Low temp machines wash and rinse at temperatures between 120 and 140 degrees Fahrenheit. Because these temperatures alone are not high enough to sanitize, low temperature commercial dishwashers must use chemical sanitizing agents with the water. Low temperature machines are not designed to thoroughly clean heavily soiled dishes, requiring the operator to rinse or scrub them before machine cycles. The cost of sanitizers is ongoing with low temp machine warewashing, but the units are easier to place since they may not require a hood as they do not produce steam (check with your local authority). Plus, low temp machines come with a lower initial investment and a low energy requirement as many can run on a 115V connection. However, you have to be careful when purchasing a sanitizer as some may tarnish or harm certain dishware materials.
Depending on the temperature of your dishwash machine water, you may need an electric or gas booster heater to properly complete your final rinse cycle. Luckily, we carry a wide range of Hubbell booster heaters to provide the final rinse water required to sanitize and flash-dry dishes and flatware. These boosters ensure that water is hot enough to meet sanitation codes.
A booster is not required for low temp machines as long as they run at 120 degrees Fahrenheit or higher. In the case of high temp machines, a booster is not required if they run at 180 degrees Fahrenheit or higher. Check the settings on your dish machine to see if your temperature is hot enough for a sanitary final rinse. If not, it's time to invest in a booster heater! On top of rinsing, they instantly air dry dishes and flatware to save time, space, and money! Many of our Hubbell models are compact enough to install right next to your warewash equipment.
Our booster heaters come equipped with temperature / pressure relief valves and gauges, a high temperature limit control, pilot indicator light, on-off switch, and a low water cut -off to prevent element burnout due to low water conditions. Standard tanks are designed for a working pressure of 150 psi (equivalent to "pounds per square inch" pressure). Each booster heater has fiberglass insulation to minimize heat loss. This means that the heaters take less time and energy to warm up when needed for your final dish rinse cycles.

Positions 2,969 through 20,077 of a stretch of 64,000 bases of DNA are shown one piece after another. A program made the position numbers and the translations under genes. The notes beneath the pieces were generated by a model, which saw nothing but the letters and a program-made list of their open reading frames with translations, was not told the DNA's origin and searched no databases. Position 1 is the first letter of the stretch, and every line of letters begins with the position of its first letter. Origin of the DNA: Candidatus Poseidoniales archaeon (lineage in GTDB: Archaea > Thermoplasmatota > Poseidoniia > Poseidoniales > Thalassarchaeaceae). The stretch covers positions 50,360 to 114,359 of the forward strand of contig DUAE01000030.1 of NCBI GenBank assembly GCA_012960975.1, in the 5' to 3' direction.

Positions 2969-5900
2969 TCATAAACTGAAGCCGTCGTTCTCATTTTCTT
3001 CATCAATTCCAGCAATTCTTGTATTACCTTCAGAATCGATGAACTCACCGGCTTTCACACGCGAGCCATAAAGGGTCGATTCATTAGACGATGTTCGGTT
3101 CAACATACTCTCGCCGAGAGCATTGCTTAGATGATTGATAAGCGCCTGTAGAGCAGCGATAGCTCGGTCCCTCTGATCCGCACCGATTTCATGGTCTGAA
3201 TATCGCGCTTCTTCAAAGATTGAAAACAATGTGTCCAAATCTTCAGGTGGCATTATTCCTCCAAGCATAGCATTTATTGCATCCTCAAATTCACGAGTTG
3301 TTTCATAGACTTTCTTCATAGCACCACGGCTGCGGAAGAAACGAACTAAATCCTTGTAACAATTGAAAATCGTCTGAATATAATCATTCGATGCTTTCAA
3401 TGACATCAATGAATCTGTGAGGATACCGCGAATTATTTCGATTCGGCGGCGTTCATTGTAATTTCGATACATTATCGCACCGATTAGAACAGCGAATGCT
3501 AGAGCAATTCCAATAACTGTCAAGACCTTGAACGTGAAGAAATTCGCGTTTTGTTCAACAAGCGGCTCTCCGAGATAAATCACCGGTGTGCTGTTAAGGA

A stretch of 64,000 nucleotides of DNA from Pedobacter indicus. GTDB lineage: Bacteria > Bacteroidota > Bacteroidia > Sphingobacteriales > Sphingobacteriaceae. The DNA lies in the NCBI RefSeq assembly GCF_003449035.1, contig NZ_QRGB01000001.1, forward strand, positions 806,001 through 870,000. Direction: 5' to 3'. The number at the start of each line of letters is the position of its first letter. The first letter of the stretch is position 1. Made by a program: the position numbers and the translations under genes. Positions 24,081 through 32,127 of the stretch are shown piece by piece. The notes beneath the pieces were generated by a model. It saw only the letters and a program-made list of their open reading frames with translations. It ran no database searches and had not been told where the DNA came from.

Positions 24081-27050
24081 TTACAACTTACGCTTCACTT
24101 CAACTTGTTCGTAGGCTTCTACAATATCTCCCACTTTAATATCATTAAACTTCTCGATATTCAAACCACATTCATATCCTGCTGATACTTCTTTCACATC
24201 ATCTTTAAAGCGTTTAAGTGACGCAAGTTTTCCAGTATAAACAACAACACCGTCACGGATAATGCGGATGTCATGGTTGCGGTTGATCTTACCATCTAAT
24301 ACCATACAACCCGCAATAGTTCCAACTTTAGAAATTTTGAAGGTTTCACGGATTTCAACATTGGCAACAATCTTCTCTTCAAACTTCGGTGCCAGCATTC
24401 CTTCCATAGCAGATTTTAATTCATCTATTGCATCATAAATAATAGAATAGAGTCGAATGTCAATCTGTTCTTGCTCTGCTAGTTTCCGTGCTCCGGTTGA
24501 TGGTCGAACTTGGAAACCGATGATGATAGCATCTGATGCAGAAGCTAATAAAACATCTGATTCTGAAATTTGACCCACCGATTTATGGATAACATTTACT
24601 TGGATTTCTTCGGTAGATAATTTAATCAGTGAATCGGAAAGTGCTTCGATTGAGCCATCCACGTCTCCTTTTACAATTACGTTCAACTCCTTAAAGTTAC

The benefits of a booster machine are clear:
- Units effectively remove food residue and provide rapid self-drying and sparkling clean dishware
- Units ensure that the final rinse water temperature is hot enough (120 or above for low temp, 180 or above for high temp)
- Compact models fit right next to your dishwasher
- Units are insulated to minimize heat loss, saving energy and time
When you're working with low temp machines, it's vital to use machine dishwashing chemicals to ensure proper cleaning with every use. These chemicals enable your commercial dishwasher to sanitize and clean dishes at temperatures that won't naturally sanitize your dishware. When you shop for the proper chemicals, you should look for a chemical that will work with both your warewashing systems and the dishware you're cleaning.
For example, certain commercial ware washing units may only accept powder, liquid, or solid detergent, and some metal products are made with materials that wear after washing because they require a metal safe detergent. While there are multiple brands you can choose, Noble Chemical dishwashing chemicals are some of the most effective and affordable dishwashing chemicals in the industry, helping to cut down on your cost while keeping your business up to code.